It’s a bit strange that if you’re interested in buying property in Costa Rica — renowned for copious rainfall, roaring rivers, whitewater rafting and waterfalls — one of the first questions you may need to ask is: “What are the water rights?”
Costa Rica receives enough rain to supply an average of 22,000 gallons to each of its 5.1 million inhabitants every day. That’s a lot of water — enough to supply every person on the planet with 15 gallons of water a day, year-round.
Yet H2O shortages are the norm in Guanacaste, and water rationing is a yearly dry-season penury in metro San Jose, from Desamparados and San Sebastián to Alajuela and Heredia.
Water is Costa Rica’s most abundant natural resource, yet shortages have forced the nation to manage this resource ever more carefully, starting with more consistent enforcement of laws already on the books.
Though unevenly enforced in the past, Costa Rican law has specified for many years that eligibility for a home building permit requires an authorized source of water, of which there are only three:
1. Connection to an urban Acueductos y Alcantarillados (AyA) network.
2. Connection to a rural water association, or Asada.
3. A valid water concession specific to your property.
Buyers looking to “get away from it all” may find that their prospective properties are nowhere within reach of a local Asada or AyA network. That means they’ll need a water concession, which might take three years or more to get.
Home building permits are issued in local jurisdictions called municipalities, where the bar has sometimes been lower than what national law stipulates. In the old days you could get by with a note from the police chief attesting that your property had water. Not anymore.
While Costa Rica has dialed up its enforcement of water law nationwide, this has little affected people with existing homes and water sources, whether “legal” or not. There is neither a regulatory mechanism nor the bureaucratic will to go after existing homes.
The linchpin for water law enforcement is at the pre-project stage of new construction.
For commercial and condo projects, water supply issues are flagged for engineering review by the College of Engineers and Architects. But for residential construction, the municipality has the final say on whether any water supply measures up.
If you need to drill a well on your property, add one more year for the drilling permit and actual drilling, which are both prerequisites to applying for a well concession.
This means it can take four years or more from the time you buy your property until you are even eligible to apply for a building permit.
A four-year lag between buying a property and gaining the right to build on it might put off any thinking investor. In a bow to reality, municipalities may allow a concession en trámite (in progress) to satisfy the water supply criterion for residential building permits. This requires an approved environmental permit, and a “Received” notice from the Direction of Waters, and can be completed in 2-3 months from applying.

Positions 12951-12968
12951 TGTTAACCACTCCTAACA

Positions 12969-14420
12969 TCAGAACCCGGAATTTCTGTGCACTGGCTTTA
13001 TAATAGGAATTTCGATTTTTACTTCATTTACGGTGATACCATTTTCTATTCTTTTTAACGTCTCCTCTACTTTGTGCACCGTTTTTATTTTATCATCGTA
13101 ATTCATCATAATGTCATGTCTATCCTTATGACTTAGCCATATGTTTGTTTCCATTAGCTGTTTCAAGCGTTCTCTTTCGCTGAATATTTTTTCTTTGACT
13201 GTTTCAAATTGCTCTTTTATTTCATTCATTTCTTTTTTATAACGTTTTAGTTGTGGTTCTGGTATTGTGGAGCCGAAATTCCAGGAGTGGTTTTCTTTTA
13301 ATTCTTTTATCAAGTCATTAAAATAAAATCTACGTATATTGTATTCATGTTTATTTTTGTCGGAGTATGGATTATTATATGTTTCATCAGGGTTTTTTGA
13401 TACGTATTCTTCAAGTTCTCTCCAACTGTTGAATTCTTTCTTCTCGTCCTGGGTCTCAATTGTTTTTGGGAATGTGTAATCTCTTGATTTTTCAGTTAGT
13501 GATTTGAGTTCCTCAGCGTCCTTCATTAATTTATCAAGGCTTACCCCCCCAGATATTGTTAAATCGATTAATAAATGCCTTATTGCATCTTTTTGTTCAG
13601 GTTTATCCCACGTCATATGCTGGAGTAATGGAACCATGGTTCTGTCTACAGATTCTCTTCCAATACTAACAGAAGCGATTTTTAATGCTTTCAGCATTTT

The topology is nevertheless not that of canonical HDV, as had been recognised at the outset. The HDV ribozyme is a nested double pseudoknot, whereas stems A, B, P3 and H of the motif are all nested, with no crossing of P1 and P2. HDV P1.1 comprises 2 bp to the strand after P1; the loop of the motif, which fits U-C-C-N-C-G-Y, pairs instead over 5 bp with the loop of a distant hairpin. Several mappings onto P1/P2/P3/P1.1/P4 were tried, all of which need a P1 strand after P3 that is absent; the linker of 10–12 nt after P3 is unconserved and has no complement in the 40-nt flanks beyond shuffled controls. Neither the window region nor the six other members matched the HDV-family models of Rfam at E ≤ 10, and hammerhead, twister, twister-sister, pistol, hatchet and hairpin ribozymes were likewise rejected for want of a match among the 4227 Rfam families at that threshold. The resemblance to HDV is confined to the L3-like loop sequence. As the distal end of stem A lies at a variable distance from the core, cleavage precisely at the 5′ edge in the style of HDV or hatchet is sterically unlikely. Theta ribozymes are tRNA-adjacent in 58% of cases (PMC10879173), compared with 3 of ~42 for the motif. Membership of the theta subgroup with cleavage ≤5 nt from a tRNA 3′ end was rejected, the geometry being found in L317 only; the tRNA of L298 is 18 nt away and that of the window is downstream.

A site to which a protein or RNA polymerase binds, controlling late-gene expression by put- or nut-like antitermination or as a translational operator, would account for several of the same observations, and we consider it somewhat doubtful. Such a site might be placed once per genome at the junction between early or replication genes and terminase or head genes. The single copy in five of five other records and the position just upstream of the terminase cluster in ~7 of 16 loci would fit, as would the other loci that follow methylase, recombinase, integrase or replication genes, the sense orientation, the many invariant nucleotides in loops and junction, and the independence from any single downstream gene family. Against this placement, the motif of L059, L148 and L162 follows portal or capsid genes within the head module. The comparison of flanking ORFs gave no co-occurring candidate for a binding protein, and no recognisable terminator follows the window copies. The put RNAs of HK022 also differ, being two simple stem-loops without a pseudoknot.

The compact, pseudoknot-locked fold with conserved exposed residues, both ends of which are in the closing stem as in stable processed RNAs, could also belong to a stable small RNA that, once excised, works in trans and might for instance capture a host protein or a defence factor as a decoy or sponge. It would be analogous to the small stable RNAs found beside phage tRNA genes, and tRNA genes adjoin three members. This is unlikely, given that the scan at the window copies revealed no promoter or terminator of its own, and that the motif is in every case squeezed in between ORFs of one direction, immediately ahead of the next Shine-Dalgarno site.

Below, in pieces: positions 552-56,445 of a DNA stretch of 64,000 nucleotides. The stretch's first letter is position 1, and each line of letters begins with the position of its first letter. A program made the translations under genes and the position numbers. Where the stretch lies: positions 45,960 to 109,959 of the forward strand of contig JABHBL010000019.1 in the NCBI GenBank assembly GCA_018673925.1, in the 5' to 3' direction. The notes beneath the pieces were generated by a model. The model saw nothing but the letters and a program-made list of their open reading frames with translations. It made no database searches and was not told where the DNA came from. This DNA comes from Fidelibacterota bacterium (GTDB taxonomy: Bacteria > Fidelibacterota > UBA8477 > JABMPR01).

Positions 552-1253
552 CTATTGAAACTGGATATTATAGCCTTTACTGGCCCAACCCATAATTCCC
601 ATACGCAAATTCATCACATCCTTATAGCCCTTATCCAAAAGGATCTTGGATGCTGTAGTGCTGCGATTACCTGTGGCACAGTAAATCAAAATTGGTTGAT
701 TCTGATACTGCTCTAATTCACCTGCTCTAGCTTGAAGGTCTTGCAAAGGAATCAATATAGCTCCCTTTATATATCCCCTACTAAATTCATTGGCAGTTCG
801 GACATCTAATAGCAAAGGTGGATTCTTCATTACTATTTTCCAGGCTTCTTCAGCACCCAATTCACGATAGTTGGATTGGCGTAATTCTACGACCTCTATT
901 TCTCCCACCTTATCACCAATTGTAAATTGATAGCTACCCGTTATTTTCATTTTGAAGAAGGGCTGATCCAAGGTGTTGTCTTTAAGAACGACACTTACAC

To be “in progress” a water concession application must have an environmental permit approved by an alphabet soup of government agencies — and don’t try this yourself, because the applicant for this cumbersome and opaque process is required to be professionally certified.
Water concessions 101
There are two tiers of water concession. The smaller and less costly involves the D-2 environmental permit and can cost from $1,200 to $1,800. The extraction limit of the D-2 is 0.05 liters per second, enough water with proper storage capacity for 11 full-time residents, more than enough for a normal household.
For greater extraction rates the D-1 concession is required, pushing the cost to between $3,000 and $4000.
For properties of several hectares or more, springs and streams are often present and can provide an option to move forward right away on a water concession. But if you must drill a well, you need to budget $1,250 to $1,500 and six months to secure the drilling permit.
If you are within one kilometer of the coast, you can add $1,500 and three more months for a salt-water intrusion study, and if there are nearby wells, this triggers a $1,500 well interference study and a few more months.
It is against the law for private entities to sell or give water to others. Only the government of Costa Rica can authorize the use of its water resources.
True, if a development is permitted under condominium law, then a residential subdivision with a valid master water concession and piping to individual lots has a legitimate water supply.
But if lots are simply segregated from a master finca, then each lot must have its own water concession to be eligible to build.
Multiple concessions are allowed for the same source of water up to its allowable extraction rate, but the process requires the permission of the primary concession holder and then the time and investment necessary to obtain secondary concessions.
1. Don’t even think of buying property in Costa Rica unless you fully understand the water rights, as spelled out to you in detail by your attorney.
2. Look into how the local municipality grants building permits, as this process can vary widely among Costa Rica’s 81 cantons.
3. Start early and leave nothing to chance.
Paul Collar is a hydrogeologist and civil engineer and owns and operates the consulting and contracting firm Osa Water Works (www.osawaterworks.com). You may contact him at (506) 8704-0027 or firstname.lastname@example.org.